My husband’s a community college teacher; his female colleague "jokingly" told me that he’s her "work husband.” He feels she’s trying to come on to him; he doesn’t welcome her efforts to recruit him for extra-curricular school activities.
She also frequently tells her students about sexual references in their course material, e.g. literature. Students have been overheard joking that if they include "sex" in their assignments for that teacher, she’ll give them top marks.
I think she’s being unprofessional and inappropriate. I get a bad feeling when I'm in her presence. Should my husband talk to his superiors about her behaviour?
- The Wife
The serious question of her professionalism should have to do with your “bad feeling” in her presence. It has only to do with whether she’s, 1) harassing your husband, and 2) behaving inappropriately with students.
The phrase “work husband” is often used casually these days … I’m betting you didn’t laugh at her “joke” and let her know you’re not so casual.
Your husband should handle anything else about how she acts with him – by avoidance when possible, and by refusing activities together. If he feels harassed, he should report her behaviour, on that matter, with details.
She may be trying (and overdoing it) to have students think she’s “cool” and to hold their interest by talking about sex … which IS often referenced in literature. What matters is whether any students feel uncomfortable.
Unless your husband knows this, it’s a harsh accusation and a decision he should think over carefully - with the best interests of the students in mind, not your personal discomfort with her. If he’s sure, he should alert college officials.
I have a loving relationship with my in-laws; my husband and I worked on the family farm for 20 years; his paternal grandfather, who also worked the farm, recently died suddenly.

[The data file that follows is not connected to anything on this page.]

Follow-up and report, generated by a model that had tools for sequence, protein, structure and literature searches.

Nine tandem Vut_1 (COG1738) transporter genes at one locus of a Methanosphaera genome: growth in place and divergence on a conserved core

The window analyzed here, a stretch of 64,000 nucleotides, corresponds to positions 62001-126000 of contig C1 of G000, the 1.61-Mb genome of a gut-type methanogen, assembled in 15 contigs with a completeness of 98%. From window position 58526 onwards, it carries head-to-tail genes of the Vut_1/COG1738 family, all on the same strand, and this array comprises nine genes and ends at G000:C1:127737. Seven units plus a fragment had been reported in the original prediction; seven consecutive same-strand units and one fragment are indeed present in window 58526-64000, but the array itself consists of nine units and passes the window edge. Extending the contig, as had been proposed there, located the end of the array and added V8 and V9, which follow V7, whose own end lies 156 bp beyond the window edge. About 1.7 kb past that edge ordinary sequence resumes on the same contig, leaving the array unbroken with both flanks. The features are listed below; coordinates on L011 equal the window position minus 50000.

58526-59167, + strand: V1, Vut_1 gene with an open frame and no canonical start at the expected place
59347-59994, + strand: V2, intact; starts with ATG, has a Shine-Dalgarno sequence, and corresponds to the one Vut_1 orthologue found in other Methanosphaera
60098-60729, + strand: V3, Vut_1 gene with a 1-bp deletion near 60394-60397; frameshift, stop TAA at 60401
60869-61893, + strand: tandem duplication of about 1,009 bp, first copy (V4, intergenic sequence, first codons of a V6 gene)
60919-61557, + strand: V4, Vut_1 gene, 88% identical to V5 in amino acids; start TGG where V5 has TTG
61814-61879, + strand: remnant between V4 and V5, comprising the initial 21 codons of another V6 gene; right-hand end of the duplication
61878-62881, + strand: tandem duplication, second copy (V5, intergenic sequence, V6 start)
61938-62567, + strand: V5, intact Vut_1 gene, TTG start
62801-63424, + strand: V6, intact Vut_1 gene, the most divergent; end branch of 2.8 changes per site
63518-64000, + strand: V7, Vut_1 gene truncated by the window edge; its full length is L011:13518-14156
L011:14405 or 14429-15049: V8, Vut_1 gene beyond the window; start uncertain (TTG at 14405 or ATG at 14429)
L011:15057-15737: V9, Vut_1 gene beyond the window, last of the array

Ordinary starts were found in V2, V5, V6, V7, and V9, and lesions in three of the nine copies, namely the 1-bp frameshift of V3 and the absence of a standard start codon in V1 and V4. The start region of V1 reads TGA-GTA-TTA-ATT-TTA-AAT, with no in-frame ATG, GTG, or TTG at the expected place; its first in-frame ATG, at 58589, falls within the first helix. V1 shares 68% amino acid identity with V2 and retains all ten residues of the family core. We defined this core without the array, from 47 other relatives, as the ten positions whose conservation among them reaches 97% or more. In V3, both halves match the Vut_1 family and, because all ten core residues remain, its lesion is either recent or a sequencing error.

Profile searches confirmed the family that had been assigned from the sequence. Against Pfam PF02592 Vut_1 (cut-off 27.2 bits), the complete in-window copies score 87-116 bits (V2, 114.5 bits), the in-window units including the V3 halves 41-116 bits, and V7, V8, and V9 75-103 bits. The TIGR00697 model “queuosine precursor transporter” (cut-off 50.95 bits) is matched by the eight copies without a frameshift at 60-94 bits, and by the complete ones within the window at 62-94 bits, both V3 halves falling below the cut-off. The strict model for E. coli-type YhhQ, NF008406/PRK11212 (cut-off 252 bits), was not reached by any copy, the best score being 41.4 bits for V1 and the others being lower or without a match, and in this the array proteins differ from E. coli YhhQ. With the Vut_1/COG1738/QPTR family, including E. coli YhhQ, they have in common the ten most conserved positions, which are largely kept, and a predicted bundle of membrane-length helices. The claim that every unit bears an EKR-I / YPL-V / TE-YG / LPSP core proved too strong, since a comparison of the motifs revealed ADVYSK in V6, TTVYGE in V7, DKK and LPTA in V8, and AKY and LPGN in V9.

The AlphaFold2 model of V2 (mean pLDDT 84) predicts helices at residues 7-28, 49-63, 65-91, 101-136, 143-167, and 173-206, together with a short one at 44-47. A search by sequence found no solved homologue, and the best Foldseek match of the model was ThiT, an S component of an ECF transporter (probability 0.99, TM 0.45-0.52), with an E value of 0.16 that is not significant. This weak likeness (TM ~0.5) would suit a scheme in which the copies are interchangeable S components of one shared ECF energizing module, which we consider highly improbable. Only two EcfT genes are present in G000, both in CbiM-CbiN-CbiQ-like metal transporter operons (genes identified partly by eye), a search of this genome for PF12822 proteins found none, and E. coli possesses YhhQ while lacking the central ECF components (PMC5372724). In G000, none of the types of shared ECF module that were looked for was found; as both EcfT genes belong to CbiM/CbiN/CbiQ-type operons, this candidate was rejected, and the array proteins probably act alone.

We, and our children, were away on a week’s vacation and we weren’t called about the death. Due to airport complications, we drove home, so called family to ask them to watch the house for one more day.
That’s when we were informed of his grandfather’s death.
We drove non-stop to get to the last chance for visitation. The funeral was the next day. My in-laws believe they let us have an enjoyable vacation as they’d postponed the funeral so we could attend. But they tainted that memory by what we feel is a lack of concern for us.
We’re devastated at being left out of the loop. We had no time to grieve and were scrambling to find appropriate clothing for our children. Strangers on the street knew before us.
My in-laws don’t get why we’re so upset. My husband feels betrayed by their lack of caring, and that they didn’t even let us know that Grandpa was in hospital the day before we left. My husband wasn’t allowed to say good-bye. What should we do?
Anger and hurt are often part of grieving – a diversion from the reality of loss. Your in-laws were over-protective (likely not unusual, for them) and yes, they were wrong to shield you, but meant well.
Your husband was obviously close to his grandfather and that means they already had the kind of bond that doesn’t require formal good-byes.
You should both focus on the good memories; they’re only “tainted” if you let them be. In time, your husband needs to tell his parents that he no longer wants or needs “shielding” from them, just their love.
I’m a working mother who’s provided extensive support for my son, 35, who lives with ADHD/depression 500km away.
He obtained a college degree and worked minimum-wage jobs off and on until several years ago, when he separated, lost his job and then his baby was born.
He takes meds, but hasn’t been able to pursue any other goals e.g. counselling. He rejects all suggestions.
Although I’m proud of what he’s been able to accomplish, I’m heartbroken and exhausted. I’ve decided to tell him I’ll stop covering his rent, etc., by December 2010.
He may end up on a friend's sofa and may therefore lose his weekend child access. And I need to accept that.
- Too Tired
Get counselling immediately for yourself. This decision has too much potential fallout for both of you, and your grandchild, to be made when you’re exhausted and desolate.
Visit your son, re-connect and examine all possible options.
Tip of the day:
A spouse’s personal discomfort shouldn’t be a factor in judging someone’s job performance.